What is the role of communities in the spread of ideas? In a recent preprint by sociologists at the University of Amsterdam, it is shown that communities are not only important for the direct spreading of an idea, but also act on the interpretation of the diffusing idea. Communities tend to use the diffusing idea in a particular vein, applying it in a specific context and a particular narrative.
These findings are a result of a case study in the diffusion of scientific ideas. This case study tracked the diffusion of a particular idea, namely the scientific hypothesis of ‘the Strength of Weak Ties’, introduced by sociologist Mark Granovetter in 1973. By means of citation analysis, this research shows that the hypothesis spread in a community-like fashion. It did not spread hierarchically from the center outwards, but rather slowly seeped into various scholarly communities and spread faster within these communities. Topic modeling and close reading suggests that the diffusion communities are concerned with different topics and use the strength of weak ties in a different narrative. Particularly, a small number of academic stars within the different communities act as figure heads, adapting the strength of weak ties to their communities narrative and interests, influencing a large number of their peers.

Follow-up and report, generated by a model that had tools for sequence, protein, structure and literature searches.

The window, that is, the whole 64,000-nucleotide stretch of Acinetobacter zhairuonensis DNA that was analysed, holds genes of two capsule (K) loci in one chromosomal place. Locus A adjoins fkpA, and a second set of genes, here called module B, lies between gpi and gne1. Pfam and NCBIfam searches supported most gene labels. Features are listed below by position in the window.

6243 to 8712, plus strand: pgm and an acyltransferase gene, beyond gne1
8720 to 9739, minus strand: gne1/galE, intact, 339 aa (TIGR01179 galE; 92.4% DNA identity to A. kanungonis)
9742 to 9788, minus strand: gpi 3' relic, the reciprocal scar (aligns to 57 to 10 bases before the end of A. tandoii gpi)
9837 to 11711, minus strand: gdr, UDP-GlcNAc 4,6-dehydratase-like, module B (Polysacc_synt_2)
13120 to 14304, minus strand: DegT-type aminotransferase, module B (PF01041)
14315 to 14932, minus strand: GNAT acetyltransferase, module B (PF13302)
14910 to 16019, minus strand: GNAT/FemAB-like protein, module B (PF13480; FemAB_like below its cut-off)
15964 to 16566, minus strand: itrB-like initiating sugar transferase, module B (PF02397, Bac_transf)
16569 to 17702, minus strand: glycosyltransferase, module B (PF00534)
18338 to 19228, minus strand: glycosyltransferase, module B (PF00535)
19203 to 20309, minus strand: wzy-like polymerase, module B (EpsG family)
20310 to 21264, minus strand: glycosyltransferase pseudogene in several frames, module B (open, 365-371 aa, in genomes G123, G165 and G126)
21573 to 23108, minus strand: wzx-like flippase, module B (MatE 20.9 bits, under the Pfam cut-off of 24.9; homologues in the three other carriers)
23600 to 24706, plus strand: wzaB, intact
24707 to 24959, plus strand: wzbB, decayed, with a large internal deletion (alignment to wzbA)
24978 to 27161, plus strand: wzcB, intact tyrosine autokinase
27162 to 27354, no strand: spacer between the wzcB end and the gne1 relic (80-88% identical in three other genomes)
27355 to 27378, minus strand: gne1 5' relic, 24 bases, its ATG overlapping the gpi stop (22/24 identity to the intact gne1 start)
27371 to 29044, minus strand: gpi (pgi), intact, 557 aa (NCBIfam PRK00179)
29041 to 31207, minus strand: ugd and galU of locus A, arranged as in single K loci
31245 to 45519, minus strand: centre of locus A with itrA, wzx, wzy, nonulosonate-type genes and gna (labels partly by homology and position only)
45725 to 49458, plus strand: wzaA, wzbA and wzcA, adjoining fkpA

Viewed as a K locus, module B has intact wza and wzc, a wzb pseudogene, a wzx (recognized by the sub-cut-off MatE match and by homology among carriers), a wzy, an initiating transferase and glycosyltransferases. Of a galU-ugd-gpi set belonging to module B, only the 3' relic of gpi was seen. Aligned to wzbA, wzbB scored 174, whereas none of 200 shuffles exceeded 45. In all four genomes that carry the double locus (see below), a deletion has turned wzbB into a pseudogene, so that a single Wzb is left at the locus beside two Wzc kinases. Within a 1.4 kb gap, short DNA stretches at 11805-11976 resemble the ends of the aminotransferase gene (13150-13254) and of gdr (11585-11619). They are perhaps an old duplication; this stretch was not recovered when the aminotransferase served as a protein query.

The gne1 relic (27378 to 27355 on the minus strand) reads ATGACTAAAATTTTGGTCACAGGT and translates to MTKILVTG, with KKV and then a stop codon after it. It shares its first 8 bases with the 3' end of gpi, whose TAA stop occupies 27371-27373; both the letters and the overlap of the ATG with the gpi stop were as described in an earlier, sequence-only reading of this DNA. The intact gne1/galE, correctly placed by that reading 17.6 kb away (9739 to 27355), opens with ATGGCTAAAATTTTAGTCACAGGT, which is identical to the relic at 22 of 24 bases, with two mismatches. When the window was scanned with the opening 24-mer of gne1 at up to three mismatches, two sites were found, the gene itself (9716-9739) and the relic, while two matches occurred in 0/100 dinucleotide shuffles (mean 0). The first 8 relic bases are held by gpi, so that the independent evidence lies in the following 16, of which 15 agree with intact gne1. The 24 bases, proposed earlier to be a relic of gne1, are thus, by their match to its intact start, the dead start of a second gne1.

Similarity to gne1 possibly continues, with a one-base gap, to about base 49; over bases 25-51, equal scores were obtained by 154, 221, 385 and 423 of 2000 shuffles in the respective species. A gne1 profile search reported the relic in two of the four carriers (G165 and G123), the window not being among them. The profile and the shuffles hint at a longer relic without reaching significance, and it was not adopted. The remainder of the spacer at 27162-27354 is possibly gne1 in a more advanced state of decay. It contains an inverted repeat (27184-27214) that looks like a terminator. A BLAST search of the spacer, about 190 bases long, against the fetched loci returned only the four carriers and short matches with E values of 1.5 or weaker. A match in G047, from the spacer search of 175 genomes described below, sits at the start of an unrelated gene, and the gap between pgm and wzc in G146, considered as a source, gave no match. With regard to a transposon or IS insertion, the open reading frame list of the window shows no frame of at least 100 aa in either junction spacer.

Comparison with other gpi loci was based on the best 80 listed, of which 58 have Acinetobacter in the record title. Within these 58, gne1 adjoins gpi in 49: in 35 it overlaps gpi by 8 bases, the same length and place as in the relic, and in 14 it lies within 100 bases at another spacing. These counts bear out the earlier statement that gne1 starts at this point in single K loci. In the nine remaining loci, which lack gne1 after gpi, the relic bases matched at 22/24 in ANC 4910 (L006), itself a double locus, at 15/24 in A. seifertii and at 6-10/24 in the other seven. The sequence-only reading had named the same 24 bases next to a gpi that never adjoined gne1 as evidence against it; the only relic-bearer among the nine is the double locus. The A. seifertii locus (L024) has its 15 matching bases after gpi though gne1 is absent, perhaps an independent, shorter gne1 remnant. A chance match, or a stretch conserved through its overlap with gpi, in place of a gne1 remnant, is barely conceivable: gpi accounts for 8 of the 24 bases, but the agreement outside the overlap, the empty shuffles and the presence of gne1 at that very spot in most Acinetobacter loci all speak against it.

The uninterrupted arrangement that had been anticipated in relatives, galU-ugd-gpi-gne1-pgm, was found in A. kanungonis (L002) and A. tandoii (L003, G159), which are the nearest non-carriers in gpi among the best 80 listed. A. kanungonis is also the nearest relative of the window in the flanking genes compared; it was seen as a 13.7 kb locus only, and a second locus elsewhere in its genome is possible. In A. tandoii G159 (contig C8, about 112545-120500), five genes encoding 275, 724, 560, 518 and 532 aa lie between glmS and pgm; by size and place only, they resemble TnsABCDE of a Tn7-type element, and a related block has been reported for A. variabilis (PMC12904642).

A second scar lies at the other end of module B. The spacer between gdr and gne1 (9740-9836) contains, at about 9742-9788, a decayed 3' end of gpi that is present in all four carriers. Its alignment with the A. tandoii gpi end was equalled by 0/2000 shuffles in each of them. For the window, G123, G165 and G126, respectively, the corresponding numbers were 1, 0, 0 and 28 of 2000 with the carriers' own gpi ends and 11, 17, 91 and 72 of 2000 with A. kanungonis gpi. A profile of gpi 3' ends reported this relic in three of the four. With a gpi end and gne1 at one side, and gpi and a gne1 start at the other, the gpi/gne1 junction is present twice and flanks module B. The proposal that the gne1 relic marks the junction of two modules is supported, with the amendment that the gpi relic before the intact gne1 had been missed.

This research shows that ideas change as they spread. This is in contrast to the diffusion of non-cultural forms such as disease, that are not meaning-based. This study was part of a larger project of Odycceus, which studies diffusion and translation processes in social networks. The project departs from the view that when a narrative enters a new social group, it requires transformation and translation to fit into the local social and cultural context.